But how can we ignore the modern spectacle of Xmas all around us. There is something tempting to a Grinch approach. Most of us wrestle with the holidays. With the secularization and commercialization of a holiday that was originally pagan, then Christianized with added dimensions, then taken back by the world. We enjoy the celebrations - the decorations and gift giving, while yearning to get back to the simple gospel story. Do we try to take it back - dethrone Santa and exalt the Christ child. Or go with the flow sorting through the symbols for those which will point our children to Jesus. Or do we be like Scrooge and the Grinch - pronouncing it all "Bah, humbug!"
Was it simpler in Reformation times? Looking back in this study, I think not! Certainly Martin's heart was with touching his people with Jesus and grace. And the hearts of other reformers were with honoring that same Jesus. In Geneva, when Christmas was banned, it caused uproar. Calvin was blamed though he had no part in that decision. He feared a sudden change might provoke tumult that might impede the Reformation. As the civil leadership in Geneva fluctuated concerning observance of Christmas and Easter, we find Calvin too fluctuated in the themes on which he preached.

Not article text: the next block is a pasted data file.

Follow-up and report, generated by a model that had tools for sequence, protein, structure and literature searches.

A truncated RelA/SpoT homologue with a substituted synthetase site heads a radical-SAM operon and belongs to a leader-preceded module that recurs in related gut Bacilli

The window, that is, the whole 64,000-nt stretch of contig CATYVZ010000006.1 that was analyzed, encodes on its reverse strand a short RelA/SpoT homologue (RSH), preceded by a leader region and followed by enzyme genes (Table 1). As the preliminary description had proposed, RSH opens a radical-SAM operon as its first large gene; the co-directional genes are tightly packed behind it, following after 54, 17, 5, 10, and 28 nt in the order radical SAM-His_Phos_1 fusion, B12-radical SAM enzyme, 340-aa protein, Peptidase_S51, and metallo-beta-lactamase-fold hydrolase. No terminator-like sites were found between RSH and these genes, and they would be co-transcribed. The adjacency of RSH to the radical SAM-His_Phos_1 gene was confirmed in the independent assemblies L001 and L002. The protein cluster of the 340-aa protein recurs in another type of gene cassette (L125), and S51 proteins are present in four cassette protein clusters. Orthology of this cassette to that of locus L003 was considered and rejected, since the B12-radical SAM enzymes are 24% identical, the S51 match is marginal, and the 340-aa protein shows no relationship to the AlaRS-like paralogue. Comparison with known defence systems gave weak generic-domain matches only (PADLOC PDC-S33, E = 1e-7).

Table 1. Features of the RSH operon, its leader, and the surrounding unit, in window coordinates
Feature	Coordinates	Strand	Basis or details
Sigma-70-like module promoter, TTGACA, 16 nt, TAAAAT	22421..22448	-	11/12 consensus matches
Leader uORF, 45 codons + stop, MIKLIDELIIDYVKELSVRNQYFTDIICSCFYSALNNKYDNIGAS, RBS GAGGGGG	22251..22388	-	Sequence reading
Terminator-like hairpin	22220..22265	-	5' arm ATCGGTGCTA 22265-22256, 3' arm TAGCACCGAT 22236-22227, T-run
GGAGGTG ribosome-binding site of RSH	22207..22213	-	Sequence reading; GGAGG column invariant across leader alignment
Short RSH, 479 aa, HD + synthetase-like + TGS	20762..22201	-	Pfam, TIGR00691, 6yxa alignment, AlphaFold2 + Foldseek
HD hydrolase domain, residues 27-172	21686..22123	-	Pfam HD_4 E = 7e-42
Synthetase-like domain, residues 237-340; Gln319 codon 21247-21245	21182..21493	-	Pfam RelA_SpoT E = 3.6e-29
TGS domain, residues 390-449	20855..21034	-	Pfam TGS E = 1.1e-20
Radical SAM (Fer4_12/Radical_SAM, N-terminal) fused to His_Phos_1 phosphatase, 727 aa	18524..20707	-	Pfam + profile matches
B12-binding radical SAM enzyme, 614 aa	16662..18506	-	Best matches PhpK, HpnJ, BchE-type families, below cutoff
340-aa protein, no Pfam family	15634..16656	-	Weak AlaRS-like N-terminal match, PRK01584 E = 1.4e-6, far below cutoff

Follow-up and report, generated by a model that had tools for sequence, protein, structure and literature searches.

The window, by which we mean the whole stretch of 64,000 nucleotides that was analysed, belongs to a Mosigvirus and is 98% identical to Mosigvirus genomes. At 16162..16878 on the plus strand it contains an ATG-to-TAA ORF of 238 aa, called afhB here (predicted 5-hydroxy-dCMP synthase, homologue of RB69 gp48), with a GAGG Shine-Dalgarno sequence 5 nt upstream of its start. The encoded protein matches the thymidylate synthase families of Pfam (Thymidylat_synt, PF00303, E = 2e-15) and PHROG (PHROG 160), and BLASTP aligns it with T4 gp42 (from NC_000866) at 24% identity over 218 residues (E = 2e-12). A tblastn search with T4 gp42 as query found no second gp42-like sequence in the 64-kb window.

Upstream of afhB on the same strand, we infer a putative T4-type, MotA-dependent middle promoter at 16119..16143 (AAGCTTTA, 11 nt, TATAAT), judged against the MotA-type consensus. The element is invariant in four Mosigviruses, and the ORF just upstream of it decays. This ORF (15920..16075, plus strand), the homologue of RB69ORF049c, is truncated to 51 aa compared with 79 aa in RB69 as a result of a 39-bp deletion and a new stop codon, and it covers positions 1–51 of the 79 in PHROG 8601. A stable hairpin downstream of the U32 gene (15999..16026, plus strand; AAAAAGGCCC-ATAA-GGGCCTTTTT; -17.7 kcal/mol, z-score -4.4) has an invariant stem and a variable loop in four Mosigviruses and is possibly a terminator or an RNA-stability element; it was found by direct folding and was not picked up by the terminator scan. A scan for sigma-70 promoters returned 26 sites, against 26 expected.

At times, I have wished we could celebrate the Nativity as Christians at a different time of the year - like the Greek Orthodox who celebrate it in January. Or celebrate Advent without all the Christmas trees and commercialism. For me, there are several celebrations going on. One in the life of my local church body is one of Advent candles, nativity and music! St. Nicholas (the bishop) visits our Christmas party with tales of real "saints" like Nicholas of Myra, Boniface of Mainz, or Martin of Tours. And there is one at home with my family, Christmas tree and gifts including our own unique traditions - including a wreath with ornaments representing the OT prophecies of the coming Messiah. And finally the one in the marketplace and media - my workplace - is one of a frenzy of commercialized idolatry that I just wish would go away. After all . . . Jesus is the reason for the season.